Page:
Drug Subculture and Criminal Behavior
The drug subculture has a significant influence on criminal behavior. Numerous studies on this relationship have found that the rate of crime for individuals during periods of addiction to narcotic drugs was six times that of periods of non-addiction.
The drug subculture mainly influences criminal behavior in three ways. The first way can be explained using the pharmacological model, which suggests that intoxication effects, such as cognitive-perceptual distortions and disinhibition, result in criminal behavior. According to the economic motivation model, drugs influence criminal behavior by the way of attempting to support drug habits through committing income-generating crimes. They include selling drugs and burglary. Thirdly, there is a link between violent crime and the structure of drug distribution which leads to crimes such as “turf” wars among drug dealers.
Alcohol also plays a role in commission of certain crimes. The effect of alcohol can be explained by the pharmacological model due to disinhibition, which results from intoxication. The type of crimes that result from excessive alcohol intake are violent crimes rather than crimes involving property. Research has shown that there is a link between alcohol intoxication and aggression, especially when provoked. Thus, alcohol intoxication is linked to crimes, such as assaults and homicides.
In drug rehabilitation, the treatment approach that shows promise is the long-term residential technique that has been found to reduce the incidence of drug use and predisposition toward criminal behavior a year after treatment. The approaches that yield little benefits are short-term techniques as drug users fall back into the habit.
Crack cocaine is considerably more lethal compared to powder cocaine. It is more concentrated in comparison to its counterpart; thus, it has stronger and more lasting effects on the user. The dealers of either crack cocaine or powder cocaine should receive similar penalties despite the difference in the effects of crack and cocaine, as these are different versions of the same drug.
It is possible to reconcile the traditional and forensic roles of physiologists by applying the therapeutic jurisprudence model (TJ Model). The ethical implications linked to the role of the forensic psychologists in the criminal justice system involve implementing the law to increase psychological well being, using the law to enhance a prosocial lifestyle, capitalizing on general well being, and balancing the needs of the community against those of an offender. When dealing with diagnosis, assessment, expert court testimony, and profiling, the ethical role of a forensic psychologist is to be beneficent through accepting of their responsibility to do well, non-malfeasance by accepting that there is no need to cause harm, being fair by considering individuals by their actions, and autonomous by being respectful of the free actions and thoughts.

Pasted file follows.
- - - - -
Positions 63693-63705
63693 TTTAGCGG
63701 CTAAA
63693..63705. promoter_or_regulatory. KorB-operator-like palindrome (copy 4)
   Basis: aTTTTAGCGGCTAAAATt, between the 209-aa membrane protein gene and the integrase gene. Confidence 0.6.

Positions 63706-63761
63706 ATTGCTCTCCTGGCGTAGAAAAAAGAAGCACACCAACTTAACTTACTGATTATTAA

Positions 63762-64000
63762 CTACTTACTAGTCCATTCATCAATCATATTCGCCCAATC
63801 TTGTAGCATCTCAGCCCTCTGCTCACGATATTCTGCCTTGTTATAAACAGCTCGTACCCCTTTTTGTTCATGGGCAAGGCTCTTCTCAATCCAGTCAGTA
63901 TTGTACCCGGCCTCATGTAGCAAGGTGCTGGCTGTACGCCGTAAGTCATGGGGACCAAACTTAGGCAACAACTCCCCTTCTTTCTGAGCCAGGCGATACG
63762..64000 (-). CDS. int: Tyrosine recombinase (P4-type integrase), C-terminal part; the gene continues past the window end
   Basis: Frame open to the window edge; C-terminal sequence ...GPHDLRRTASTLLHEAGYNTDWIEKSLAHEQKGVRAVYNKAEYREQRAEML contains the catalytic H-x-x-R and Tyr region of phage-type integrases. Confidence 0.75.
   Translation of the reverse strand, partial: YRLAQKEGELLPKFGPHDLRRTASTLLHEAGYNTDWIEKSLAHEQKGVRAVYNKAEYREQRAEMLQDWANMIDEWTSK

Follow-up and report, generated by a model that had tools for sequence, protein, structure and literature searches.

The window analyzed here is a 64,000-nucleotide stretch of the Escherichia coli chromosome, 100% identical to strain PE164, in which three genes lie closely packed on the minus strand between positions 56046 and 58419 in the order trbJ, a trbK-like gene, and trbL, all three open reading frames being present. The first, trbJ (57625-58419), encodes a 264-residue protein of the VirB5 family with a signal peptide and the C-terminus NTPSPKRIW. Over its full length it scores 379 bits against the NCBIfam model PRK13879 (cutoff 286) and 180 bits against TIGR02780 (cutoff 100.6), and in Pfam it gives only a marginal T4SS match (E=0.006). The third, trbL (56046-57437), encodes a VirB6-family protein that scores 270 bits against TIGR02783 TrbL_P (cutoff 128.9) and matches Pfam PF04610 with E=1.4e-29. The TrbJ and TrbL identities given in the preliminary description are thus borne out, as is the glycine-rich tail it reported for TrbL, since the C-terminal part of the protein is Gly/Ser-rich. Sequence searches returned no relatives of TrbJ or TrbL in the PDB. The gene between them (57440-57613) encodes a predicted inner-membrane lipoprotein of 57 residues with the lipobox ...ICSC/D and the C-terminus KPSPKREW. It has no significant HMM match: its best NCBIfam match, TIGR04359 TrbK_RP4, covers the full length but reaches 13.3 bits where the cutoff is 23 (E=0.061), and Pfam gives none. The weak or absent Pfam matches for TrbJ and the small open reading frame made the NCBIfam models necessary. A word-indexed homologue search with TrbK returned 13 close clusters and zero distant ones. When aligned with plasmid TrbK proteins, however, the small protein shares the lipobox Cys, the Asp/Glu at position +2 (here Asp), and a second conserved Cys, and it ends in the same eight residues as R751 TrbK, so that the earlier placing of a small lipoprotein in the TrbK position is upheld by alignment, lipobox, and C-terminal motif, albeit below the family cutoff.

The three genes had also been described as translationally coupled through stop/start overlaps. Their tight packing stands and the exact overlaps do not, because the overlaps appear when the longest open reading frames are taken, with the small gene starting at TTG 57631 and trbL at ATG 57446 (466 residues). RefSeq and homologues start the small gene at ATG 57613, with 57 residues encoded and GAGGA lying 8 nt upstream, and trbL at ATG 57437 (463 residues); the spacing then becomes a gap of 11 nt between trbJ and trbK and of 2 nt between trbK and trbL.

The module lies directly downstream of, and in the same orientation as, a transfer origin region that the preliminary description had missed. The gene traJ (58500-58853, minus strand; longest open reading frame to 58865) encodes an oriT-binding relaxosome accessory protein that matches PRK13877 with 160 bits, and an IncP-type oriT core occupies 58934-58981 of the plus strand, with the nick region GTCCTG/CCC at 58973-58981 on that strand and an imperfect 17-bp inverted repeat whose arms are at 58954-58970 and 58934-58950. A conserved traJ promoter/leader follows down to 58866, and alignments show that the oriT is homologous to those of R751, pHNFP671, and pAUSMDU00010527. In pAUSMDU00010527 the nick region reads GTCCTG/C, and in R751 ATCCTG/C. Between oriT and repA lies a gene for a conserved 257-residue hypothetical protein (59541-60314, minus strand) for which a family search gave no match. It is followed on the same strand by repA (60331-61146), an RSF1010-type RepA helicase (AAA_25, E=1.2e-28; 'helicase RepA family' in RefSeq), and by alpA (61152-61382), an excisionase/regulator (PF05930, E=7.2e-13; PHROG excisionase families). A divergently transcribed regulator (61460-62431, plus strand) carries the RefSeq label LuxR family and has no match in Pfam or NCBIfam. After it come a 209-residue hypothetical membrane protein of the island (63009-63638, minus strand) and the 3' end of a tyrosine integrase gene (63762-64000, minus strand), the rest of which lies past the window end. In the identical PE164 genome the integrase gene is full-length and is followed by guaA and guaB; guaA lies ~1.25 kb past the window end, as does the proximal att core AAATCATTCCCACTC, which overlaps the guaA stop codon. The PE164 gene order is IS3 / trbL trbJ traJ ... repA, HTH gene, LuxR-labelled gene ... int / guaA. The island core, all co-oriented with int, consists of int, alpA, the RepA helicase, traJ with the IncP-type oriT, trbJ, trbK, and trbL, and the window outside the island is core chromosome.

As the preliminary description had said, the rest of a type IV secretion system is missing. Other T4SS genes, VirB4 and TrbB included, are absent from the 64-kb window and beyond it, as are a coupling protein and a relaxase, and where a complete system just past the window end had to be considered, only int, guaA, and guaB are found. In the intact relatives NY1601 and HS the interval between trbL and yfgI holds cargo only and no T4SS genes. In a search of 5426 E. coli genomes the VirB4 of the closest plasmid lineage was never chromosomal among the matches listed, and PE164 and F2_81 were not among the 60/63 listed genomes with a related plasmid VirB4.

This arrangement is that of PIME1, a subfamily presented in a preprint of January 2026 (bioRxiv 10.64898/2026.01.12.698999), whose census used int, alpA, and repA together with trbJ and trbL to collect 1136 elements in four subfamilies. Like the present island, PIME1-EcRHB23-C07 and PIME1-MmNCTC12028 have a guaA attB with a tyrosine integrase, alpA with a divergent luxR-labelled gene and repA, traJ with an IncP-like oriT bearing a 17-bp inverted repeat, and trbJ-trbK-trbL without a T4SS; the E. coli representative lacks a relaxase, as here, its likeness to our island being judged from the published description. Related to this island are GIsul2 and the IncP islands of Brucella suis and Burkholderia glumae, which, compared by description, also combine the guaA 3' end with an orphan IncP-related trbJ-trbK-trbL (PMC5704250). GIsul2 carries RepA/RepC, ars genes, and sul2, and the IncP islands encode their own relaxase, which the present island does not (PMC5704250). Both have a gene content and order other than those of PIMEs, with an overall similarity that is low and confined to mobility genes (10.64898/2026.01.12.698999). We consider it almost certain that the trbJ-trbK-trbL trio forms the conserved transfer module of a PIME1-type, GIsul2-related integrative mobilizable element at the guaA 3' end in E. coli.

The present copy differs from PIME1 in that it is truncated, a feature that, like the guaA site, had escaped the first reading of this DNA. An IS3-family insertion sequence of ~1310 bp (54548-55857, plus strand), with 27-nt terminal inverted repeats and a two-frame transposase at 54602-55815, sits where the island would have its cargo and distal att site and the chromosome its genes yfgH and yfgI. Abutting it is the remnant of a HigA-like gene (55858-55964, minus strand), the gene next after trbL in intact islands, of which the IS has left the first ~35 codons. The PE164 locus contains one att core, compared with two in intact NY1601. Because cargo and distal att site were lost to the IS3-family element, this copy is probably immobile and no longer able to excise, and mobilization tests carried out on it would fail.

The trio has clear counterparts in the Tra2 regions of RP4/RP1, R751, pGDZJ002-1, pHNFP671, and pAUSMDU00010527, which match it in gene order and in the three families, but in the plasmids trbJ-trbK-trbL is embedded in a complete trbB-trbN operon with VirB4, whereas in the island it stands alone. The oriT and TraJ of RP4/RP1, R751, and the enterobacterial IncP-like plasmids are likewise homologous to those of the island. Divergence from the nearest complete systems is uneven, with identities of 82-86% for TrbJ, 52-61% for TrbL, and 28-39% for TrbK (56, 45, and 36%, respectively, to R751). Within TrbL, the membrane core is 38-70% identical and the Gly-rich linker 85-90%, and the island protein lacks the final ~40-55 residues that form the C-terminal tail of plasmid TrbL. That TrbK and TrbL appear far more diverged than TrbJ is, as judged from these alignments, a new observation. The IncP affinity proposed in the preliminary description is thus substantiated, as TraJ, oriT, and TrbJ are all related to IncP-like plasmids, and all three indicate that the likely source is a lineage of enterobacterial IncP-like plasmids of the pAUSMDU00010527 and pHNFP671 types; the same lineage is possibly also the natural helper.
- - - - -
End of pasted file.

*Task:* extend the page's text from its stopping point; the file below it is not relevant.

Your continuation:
While working in the criminal justice system, a forensic psychologist owes “allegiance” to the people psychologically and psychically affected, specifically the subject, the community, and the victims. The forensic psychologist should consider the needs of both the victim and the offender using the collectivist approach, because there is a possibility that for the offender’s treatment to be effective the therapeutic approach applied should be in consideration of the needs of the victim. By considering the community and the victim while treating the offender, it is possible to lower the risk level of a similar incidence.
The dangers lie with not offering the offender suitable and sufficient assistance when needed. For instance, by denying an offender treatment and instead sending him to prison when they are in a dire need of psychological assistance puts the offender, his victim, and the entire community at risk. It is, thus, completely necessary for forensic psychologists to ensure that there is balance; the rights of offenders should balance concerns of public safety.
There are numerous unique psychological issues that affect female offenders. Studies show that incarcerated women are affected by a significant level of comorbid psychopathology. Сommon issues include posttraumatic stress disorder (PTSD), major depression, substance dependence, and antisocial personality disorder (ASPD). The incarcerated women, however, differ from their counterparts via the aforementioned issues with the exception of substance dependence. The incidences of past traumatic experiences are more common among incarcerated women than men.
In determining the treatment strategies to employ in the treatment of incarcerated women, there are certain important factors to consider. First, consider whether the treatment program is well structured to help women with personality pathologies, a history of substantial trauma, and extreme substance dependence. The second factor to address is the availability of resources; this group suffers immensely from health and mental needs that require high levels of care and consequently more resources.